- Oops!Something went wrong.Please try again later.
The UK’s new customs border with the EU will not be fully operational until 2022, the Government has announced, as ministers sought to blame the delays on the Covid-19 pandemic.
Cabinet Office minister Michael Gove has confirmed that new checks on certain EU food imports will now not be required until October, six months later than planned, with a second round of controls pushed back until January next year.
The final set of checks, including on live animals at border control posts, will only commence three months later, in March.
EU diplomats and officials have taken aim at the move, questioning how postponing full customs checks until a year after the transition period ended represented taking back control of the UK’s borders.
Neale Richmond, the Fine Gael spokesman for European affairs, said: “From a European perspective these continuing delays underline perhaps the folly of Brexit and will no doubt make for difficult reading to other Eurosceptics.”
Critics also warned the move would merely prolong the unequal trade terms currently being experienced by UK exporters, who have faced full customs checks when sending goods into the EU since January.
However, the Government said that while required systems and infrastructure could have been ready in time for the original deadline in July, the postponement was necessary to give businesses time to recover from Covid-19 disruption.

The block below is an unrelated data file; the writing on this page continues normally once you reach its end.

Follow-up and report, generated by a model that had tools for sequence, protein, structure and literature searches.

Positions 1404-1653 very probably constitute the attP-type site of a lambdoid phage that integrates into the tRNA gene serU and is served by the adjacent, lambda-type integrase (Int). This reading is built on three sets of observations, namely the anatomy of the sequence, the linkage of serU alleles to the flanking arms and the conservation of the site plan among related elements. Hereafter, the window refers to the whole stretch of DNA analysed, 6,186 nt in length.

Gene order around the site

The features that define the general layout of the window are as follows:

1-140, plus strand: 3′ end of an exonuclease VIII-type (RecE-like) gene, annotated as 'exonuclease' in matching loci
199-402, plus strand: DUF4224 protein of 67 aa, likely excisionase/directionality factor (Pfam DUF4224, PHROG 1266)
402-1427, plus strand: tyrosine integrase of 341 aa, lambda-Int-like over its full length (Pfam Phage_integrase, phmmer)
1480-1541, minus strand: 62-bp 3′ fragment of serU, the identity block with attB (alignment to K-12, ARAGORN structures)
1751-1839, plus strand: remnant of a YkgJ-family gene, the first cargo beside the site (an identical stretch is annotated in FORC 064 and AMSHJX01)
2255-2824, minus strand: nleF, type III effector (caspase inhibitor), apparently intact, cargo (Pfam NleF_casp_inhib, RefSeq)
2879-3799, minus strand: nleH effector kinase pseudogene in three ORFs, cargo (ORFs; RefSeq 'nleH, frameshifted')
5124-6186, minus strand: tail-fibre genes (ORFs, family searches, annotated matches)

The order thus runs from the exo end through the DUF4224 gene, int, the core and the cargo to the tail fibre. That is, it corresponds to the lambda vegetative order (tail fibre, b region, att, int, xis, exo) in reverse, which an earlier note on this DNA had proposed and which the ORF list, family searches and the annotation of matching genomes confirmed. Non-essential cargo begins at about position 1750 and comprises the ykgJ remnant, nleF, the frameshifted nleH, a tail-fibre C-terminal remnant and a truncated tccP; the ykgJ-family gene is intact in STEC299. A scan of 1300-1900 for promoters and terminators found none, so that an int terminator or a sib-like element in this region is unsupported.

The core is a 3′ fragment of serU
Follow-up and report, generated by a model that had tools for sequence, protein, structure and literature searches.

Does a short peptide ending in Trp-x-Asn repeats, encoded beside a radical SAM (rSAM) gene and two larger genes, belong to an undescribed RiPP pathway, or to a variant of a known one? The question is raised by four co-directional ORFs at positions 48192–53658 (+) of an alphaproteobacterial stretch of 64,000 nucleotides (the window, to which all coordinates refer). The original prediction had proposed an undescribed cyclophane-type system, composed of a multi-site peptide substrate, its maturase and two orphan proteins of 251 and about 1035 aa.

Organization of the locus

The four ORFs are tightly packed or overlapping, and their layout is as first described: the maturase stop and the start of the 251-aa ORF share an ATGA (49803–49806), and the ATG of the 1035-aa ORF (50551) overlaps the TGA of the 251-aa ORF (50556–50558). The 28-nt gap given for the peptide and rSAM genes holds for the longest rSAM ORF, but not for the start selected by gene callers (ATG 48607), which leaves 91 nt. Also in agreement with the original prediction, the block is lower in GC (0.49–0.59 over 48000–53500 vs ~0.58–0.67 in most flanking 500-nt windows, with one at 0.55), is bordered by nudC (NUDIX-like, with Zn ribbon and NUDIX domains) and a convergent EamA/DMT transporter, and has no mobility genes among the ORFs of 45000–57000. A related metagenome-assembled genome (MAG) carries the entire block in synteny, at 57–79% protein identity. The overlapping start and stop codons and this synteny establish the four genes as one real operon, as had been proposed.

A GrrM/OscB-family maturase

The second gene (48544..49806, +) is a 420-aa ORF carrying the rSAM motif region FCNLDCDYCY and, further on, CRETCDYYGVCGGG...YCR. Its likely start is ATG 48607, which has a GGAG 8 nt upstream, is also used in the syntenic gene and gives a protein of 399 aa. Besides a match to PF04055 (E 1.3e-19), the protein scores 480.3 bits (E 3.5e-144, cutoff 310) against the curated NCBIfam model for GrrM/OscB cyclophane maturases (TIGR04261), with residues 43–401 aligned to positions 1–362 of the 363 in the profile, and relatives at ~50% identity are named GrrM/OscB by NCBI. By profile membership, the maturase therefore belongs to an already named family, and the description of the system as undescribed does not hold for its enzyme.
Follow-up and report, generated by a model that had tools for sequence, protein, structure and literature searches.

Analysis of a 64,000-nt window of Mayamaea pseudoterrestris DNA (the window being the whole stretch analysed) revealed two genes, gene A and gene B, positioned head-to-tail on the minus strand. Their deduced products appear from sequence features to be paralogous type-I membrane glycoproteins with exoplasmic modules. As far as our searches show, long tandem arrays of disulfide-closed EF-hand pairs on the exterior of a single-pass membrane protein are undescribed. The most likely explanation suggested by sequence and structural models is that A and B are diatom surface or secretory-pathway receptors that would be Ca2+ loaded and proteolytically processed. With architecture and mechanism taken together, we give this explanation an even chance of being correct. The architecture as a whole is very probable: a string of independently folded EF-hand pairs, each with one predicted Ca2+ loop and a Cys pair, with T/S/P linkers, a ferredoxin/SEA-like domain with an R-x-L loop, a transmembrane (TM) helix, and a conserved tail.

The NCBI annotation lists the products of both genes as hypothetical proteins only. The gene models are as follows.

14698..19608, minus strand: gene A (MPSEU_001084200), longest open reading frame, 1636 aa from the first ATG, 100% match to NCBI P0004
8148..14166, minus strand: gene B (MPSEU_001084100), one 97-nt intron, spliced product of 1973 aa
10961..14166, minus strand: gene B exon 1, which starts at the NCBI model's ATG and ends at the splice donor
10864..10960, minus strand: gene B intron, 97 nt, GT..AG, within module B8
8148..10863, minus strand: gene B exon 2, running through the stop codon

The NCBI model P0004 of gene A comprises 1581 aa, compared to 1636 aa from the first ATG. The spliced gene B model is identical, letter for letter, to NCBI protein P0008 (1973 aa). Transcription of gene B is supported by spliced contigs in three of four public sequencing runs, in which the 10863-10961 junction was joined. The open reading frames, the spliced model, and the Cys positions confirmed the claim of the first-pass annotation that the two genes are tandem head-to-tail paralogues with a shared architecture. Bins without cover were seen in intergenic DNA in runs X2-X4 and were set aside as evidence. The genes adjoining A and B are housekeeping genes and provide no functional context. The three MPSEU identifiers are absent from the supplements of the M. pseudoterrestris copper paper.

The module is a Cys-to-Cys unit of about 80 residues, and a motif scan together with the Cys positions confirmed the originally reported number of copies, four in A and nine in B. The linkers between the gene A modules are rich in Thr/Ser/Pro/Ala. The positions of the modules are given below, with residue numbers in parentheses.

Mr Gove told MPs: "In reviewing the timeframes, we have given strong weight to the disruption which has been caused, and is still being caused, by Covid, and the need to ensure that the economy can recover fully.”
Meanwhile, the European Union's ambassador to the UK appeared to take a swipe at Boris Johnson over his decision to unilaterally extend grace periods for supermarkets and parcel couriers in Northern Ireland without the bloc’s consent.
At a briefing with journalists in London, Joao Vale de Almeida said that while he wanted the best possible relationship between the EU and UK, there needed to be “high levels of trust, mutual trust".
"Trust is maybe the most important commodity in international agreements. When there is no trust, when levels of trust go down, you are less capable of finding solutions,” he continued.
Brussels is understood to be preparing to initiate legal action against the UK over its actions in Northern Ireland “within days”, with EU figures accusing Lord Frost, the minister in chart of EU relations, of torpedoing the progress made in talks with his predecessor, Mr Gove.
On Thursday night, business leaders welcomed the postponement of new UK import controls, adding that it had been necessary to prevent additional disruption at the border from next month.
However, the British Retail Consortium appeared to question the Government’s claim that the delay had been due to Covid-19 disruption, arguing that the required border control posts were currently “little more than a hole in the ground”.
“Until the infrastructure is in place, with IT systems ready and established processes for checks and paperwork, it would be foolhardy to introduce full requirements,” director Andrew Opie said.
Shane Brennan, chief executive of the Cold Chain Federation, added: “In amidst this positive news we should also pause to think about the ongoing unfairness that will be experienced by UK to EU food exporters, who will continue to face a hard border with all its costs and uncertainties and see their equivalents continuing to benefit from de facto unfettered access to their domestic market.
“It is not clear how this action will give the EU an incentive to be more willing to discuss ways to reduce the burdens on UK exporters.”